A student gets a close look at crustaceans, fish and aquatic insects.
Romp on the river
Adventure Day offers a Huck Finn mix of activities for kids and families on the Mississippi.
On a warm day last July, 185 children with parents in tow descended on a small city park in Lansing, Iowa just across the Mississippi River from De Soto, Wisconsin. Though they gathered at a ball diamond complete with bleachers, these kids weren't here to play ball. They came from towns and cities in Wisconsin, Iowa and Minnesota to follow an enticing promise: a whole day on the Mississippi River enjoying a Huckleberry Finn-type Adventure Day. Under blue skies with a gentle breeze and temperatures that climbed to the eighties, the kids warmed up to the chance to just be kids, to get wet and dirty while pollywogging for mussels, netting fish, chasing jumping frogs and floating down the broad river; the stuff that dreams, memories and great stories are made of.
After a quick registration, the kids scurried to heaping piles where they donned life vests, which were sorted by size, then headed to the bleachers to find their seat in groups sorted by age from the two- to six-year-old "Bluegills" on up to the 17-year-old "Eagles." After listening to a short introduction and a wide open schedule of events, the kids went off in a flurry of energy and excitement to find their boats and new friends for the day.
This day of outdoor adventure was free to all participants, sponsored by the Friends of Pool 9 on the Mississippi River, a group with members in both Wisconsin and Iowa who had been planning the event since January with the help of Tim Loose, refuge operations specialist, from the McGregor District of the Upper Mississippi River National Wildlife and Fish Refuge.
Previously, Loose spearheaded a yearly Mississippi River Festival for school groups along with partners from neighboring federal and state natural resource agencies. The festival, which has been held annually since 2001, alternates locations between Iowa and Wisconsin, and has been wildly successful, hosting 500-700 middle- and high-school-aged students. It has been so popular that a second education festival catering to fourth and fifth graders was started at the Trempealeau National Wildlife Refuge, 20 miles north of La Crosse. Loose had long noticed that the highlight for the kids, regardless of their age, was getting out on the water in boats, and if at all possible, getting wet in the process.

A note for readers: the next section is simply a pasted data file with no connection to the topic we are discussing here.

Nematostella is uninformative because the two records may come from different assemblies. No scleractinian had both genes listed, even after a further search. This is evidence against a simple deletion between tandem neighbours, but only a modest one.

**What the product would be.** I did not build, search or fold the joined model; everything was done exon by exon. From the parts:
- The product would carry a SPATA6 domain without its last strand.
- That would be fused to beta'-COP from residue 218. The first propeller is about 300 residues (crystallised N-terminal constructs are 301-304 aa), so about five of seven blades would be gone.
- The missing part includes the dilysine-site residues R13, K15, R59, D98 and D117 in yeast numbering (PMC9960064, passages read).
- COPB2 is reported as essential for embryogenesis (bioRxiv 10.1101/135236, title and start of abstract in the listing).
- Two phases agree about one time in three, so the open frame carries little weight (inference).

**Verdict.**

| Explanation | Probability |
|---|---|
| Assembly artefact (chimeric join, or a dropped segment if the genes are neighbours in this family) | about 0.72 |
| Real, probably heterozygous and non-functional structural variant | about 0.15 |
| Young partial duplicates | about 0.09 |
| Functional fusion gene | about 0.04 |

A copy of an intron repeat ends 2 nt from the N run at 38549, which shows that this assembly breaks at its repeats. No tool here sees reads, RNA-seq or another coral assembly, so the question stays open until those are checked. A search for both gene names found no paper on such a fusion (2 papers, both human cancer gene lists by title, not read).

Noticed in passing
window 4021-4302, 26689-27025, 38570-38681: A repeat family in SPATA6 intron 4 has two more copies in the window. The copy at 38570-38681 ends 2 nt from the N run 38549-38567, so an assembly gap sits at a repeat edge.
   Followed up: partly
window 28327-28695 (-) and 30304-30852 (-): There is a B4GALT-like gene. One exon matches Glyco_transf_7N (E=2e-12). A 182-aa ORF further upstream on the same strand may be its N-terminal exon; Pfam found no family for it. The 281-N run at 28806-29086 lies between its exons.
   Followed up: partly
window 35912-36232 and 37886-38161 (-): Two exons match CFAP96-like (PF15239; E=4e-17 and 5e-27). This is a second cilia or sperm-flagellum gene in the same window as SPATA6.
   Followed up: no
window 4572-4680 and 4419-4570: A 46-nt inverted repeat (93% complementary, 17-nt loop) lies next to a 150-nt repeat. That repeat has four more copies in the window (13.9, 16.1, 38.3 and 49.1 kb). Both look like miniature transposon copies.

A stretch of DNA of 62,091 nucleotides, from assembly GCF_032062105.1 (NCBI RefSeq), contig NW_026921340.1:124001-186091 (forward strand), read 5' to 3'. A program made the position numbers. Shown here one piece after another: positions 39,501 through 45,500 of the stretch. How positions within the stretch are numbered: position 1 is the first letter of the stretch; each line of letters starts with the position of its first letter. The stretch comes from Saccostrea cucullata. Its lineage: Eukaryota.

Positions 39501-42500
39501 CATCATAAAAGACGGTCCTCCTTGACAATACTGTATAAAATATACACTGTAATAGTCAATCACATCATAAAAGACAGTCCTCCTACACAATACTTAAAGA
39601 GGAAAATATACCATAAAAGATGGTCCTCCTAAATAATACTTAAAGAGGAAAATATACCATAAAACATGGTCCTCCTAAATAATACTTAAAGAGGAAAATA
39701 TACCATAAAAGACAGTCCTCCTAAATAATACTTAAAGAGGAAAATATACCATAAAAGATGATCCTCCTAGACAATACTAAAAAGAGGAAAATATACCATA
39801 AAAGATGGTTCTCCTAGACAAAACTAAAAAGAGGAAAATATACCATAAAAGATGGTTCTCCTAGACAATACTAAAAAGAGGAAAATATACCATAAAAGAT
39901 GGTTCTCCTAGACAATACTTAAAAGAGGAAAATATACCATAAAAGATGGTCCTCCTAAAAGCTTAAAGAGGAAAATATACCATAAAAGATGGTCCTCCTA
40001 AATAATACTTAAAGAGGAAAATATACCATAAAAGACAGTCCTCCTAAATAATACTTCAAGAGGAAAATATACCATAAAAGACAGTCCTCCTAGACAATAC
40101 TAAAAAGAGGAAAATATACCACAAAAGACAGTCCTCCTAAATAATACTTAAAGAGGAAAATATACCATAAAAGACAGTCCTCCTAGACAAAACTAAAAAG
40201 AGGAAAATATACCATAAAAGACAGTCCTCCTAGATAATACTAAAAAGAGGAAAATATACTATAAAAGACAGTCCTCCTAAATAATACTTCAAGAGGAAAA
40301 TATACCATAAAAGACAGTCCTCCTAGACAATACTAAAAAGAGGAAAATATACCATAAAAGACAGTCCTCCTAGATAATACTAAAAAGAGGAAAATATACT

With that in mind, Loose and John Verdon, president of the Friends of Pool 9 and a retired high school science teacher, thought it would be good to go one step further. They wanted to offer kids the freedom and the kind of experience that Verdon had enjoyed as a child, more of an unstructured experience in nature with ample time to explore; something today's kids don't often get to do even though research shows play in nature is especially important for developing capacities for creativity, problem-solving and intellectual development, besides being just plain fun.
Verdon has had a lifelong interest in the Mississippi River. As a boy, he spent years exploring the labyrinth of backwaters helping his father, who was a commercial fisherman. In the process, his dad had shared his knowledge of the river and a deep-rooted love of nature.
The other members of the Friends of Pool 9 have similar stories from living in the towns that border this stretch of the river in Iowa and Wisconsin. "They belong to the Friends group because they want to share their love of the river and give back to the resource," Verdon says. Prior to this project, the Friends have tackled river clean-ups and refurbished public beaches on upper Pool 9. The members were well aware that although they spent much of their free time on the river fishing, hunting, boating or camping with their families, or had even earned their living on the water, times had changed. Today, many kids who live in the three-state area, have never been out on the water or seen the Mississippi River except from a highway – even those kids who live in towns perched on the bluffs along the river.